Research studies often compare variables, conditions, times, and/or groups of participants
Research studies often compare variables, conditions, times, and/or groups of participants to evaluate relationships between variables or differences between groups or times. For example, if researchers are interested in knowing whether an intervention produces change in the desired direction, they will want to know whether the change is due to chance (statistical significance) or possibly due to the intervention. In this case, researchers could use a pre and post measurement of the same participants on the condition being treated, or they could compare a group of individuals who receive the intervention to a group that does not receive the intervention. Researchers could also compare two groups of individuals who receive different interventions. The rigor of the research design helps control for other factors that might account for the changes (e.g., time, conditions, group differences in other factors, etc.). To prepare for this Discussion, consider the concept of statistical significance.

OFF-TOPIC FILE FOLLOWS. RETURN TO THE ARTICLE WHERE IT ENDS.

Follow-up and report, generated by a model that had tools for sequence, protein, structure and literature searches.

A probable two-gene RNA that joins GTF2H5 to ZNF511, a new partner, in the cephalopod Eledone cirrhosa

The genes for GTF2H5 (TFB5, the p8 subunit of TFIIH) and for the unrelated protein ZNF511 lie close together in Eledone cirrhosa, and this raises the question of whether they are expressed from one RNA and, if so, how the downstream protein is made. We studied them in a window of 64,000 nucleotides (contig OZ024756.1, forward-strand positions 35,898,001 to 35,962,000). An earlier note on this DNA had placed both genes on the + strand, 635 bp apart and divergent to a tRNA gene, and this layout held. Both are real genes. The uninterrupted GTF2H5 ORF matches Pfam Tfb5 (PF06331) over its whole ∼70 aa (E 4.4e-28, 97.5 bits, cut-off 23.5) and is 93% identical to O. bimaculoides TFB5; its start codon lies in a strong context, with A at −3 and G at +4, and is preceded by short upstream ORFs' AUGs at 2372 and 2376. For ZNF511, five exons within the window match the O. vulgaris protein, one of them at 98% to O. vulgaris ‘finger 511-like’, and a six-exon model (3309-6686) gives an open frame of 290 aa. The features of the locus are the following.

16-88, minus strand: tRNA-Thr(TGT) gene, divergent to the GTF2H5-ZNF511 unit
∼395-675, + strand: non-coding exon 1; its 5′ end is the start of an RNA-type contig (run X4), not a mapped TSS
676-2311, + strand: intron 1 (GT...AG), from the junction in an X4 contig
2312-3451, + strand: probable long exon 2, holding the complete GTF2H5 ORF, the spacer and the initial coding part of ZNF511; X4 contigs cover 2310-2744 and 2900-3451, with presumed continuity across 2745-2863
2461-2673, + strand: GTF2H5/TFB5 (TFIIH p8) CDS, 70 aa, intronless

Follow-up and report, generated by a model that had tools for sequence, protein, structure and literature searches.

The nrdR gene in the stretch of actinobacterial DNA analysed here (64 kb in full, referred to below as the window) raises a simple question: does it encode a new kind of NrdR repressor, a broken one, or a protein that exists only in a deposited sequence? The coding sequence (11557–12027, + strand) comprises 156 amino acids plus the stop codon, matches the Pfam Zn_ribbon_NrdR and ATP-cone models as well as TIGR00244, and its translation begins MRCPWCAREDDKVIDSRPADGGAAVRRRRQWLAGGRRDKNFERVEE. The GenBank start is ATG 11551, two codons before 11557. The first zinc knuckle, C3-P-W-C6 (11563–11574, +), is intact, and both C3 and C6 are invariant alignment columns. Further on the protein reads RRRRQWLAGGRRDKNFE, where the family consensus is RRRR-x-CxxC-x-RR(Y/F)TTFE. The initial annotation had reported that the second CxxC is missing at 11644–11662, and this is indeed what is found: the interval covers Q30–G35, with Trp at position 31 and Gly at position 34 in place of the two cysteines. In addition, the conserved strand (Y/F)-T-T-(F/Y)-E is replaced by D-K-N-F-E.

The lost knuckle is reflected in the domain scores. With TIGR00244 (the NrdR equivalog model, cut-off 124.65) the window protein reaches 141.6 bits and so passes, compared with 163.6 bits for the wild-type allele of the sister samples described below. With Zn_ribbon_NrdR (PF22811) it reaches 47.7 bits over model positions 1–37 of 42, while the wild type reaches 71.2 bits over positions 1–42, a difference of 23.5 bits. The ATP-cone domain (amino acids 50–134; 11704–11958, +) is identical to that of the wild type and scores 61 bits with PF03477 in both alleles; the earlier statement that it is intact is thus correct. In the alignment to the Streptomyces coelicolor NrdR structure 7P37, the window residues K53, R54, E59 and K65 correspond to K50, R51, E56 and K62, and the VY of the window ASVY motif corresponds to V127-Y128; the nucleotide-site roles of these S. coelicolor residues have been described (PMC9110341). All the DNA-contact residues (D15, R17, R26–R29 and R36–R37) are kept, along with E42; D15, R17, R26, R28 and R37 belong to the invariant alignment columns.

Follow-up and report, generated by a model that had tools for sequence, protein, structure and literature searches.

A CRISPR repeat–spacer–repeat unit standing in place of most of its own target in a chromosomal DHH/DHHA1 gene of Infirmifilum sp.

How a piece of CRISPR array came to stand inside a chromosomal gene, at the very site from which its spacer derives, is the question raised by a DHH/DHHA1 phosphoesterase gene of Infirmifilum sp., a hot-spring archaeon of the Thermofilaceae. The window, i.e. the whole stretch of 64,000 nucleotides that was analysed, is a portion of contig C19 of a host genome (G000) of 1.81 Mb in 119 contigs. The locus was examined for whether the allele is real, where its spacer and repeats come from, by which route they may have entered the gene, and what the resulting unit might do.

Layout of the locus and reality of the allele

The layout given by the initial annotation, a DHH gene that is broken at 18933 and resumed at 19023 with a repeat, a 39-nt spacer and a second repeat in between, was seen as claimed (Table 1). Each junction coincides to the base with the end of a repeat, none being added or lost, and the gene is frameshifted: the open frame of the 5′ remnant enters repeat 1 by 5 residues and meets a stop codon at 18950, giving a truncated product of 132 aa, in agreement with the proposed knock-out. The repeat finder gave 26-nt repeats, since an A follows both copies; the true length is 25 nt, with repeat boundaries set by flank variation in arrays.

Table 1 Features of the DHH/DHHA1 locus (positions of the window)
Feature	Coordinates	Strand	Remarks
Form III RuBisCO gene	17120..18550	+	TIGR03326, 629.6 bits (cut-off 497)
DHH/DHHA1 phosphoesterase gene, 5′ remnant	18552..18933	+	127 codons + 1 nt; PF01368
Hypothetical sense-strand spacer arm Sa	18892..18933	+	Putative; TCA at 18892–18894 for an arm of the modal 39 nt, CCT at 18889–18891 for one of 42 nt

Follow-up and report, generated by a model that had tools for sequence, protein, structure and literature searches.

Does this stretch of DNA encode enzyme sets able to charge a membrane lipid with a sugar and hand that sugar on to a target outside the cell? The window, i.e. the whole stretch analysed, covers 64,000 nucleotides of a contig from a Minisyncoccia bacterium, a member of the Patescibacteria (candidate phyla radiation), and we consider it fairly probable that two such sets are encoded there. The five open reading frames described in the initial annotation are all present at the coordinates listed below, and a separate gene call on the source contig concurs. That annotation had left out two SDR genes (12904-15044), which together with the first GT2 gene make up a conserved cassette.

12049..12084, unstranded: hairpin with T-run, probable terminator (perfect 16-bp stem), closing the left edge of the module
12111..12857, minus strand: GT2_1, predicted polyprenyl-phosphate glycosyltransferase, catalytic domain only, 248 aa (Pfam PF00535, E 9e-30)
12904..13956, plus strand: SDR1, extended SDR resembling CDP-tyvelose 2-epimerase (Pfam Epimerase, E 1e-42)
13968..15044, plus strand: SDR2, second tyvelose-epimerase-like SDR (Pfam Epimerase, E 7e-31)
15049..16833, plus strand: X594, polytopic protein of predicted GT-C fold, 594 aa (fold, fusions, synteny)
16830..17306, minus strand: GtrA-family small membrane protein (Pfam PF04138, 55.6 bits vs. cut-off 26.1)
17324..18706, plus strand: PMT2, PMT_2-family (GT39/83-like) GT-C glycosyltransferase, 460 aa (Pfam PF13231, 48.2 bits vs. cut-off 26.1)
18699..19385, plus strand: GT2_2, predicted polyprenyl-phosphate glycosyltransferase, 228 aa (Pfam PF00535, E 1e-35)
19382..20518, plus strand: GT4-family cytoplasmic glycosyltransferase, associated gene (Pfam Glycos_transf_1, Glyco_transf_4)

Post your explanation of how the difference between statistical significance and the true importance (clinical significance) of the relationship between variables or the degree of difference between groups affect your practice decision making. Be sure to include an explanation of what statistical significance means. Include an example from a quantitative study that found statistically significant differences. Discuss whether the results of the study would—or should—influence your practice as a social worker. Please use the resources to support your answer.
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